Having once famously launched a UFO over Rio de Janeiro, Peter Coffin again turns his attention to the sky for his show Cosmolology +1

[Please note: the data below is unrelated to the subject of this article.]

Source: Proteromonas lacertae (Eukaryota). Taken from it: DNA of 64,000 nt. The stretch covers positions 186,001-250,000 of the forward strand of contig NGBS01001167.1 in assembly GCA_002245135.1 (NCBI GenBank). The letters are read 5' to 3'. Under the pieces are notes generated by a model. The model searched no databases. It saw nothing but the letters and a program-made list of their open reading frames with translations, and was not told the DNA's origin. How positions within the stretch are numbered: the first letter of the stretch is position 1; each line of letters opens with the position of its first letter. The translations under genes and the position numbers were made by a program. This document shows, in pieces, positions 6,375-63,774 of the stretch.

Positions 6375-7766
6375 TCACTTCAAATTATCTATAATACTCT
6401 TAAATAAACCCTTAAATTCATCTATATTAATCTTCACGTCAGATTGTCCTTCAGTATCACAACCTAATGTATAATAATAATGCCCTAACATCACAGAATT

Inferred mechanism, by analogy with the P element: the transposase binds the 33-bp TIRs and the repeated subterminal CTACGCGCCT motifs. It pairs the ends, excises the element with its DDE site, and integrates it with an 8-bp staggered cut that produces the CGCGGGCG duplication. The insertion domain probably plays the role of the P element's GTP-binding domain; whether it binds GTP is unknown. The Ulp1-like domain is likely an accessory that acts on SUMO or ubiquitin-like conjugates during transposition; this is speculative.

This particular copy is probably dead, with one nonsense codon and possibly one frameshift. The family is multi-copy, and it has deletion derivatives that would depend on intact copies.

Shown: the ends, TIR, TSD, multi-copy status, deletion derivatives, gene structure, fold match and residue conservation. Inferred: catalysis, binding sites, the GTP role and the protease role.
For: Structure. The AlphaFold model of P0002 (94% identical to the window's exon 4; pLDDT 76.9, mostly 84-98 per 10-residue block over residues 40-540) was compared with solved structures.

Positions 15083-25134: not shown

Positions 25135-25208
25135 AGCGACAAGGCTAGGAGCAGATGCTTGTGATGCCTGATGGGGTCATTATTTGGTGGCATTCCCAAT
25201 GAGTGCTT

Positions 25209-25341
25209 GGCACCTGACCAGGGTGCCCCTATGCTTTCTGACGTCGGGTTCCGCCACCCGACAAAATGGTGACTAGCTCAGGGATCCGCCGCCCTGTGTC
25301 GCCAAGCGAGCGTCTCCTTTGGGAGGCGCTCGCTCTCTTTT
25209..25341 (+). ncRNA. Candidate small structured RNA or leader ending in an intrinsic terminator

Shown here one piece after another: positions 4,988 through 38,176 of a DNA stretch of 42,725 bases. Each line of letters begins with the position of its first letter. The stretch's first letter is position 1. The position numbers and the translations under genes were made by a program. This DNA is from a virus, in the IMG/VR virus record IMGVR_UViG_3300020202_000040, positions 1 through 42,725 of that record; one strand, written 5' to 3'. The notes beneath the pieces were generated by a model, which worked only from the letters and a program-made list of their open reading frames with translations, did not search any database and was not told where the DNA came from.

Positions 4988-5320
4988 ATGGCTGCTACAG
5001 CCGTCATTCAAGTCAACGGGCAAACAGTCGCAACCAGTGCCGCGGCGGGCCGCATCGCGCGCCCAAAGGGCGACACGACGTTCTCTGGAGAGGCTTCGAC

at Herald St gallery. The New York-based artist plumbed the inaccuracies of 19th-century photography to arrive at the exuberant images we feature today. In that era, collodion film's hyper-sensitivity to the blue of the sky meant images would register devoid of clouds—forcing photographers to add them into the scene later as a composite. When Coffin searched the archives of institutions such as the Bibliotheque Nationale in Paris, the Smithsonian Institute in Washington D.C. and the New York Public Library for these early landscape photographs, he found instances of identical skies appearing in unrelated scenes. He reproduced these examples, sourced from the likes of Eadweard Muybridge, Henry Peach Robinson and Gustave Le Gray, then augmented the historical images to disrupt their intended idyllic effect. The technicolor results present meteorologic impossibilities such as the pairing of cumulus and cirrus clouds. “My work gets misunderstood on occasion because it appears to be joyful,” explains Coffin. “It often is, but that's unimportant—I don’t expect the work to only be about what it appears to be about.” His next ambition? To dye actual clouds with food coloring using a crop dusting plane.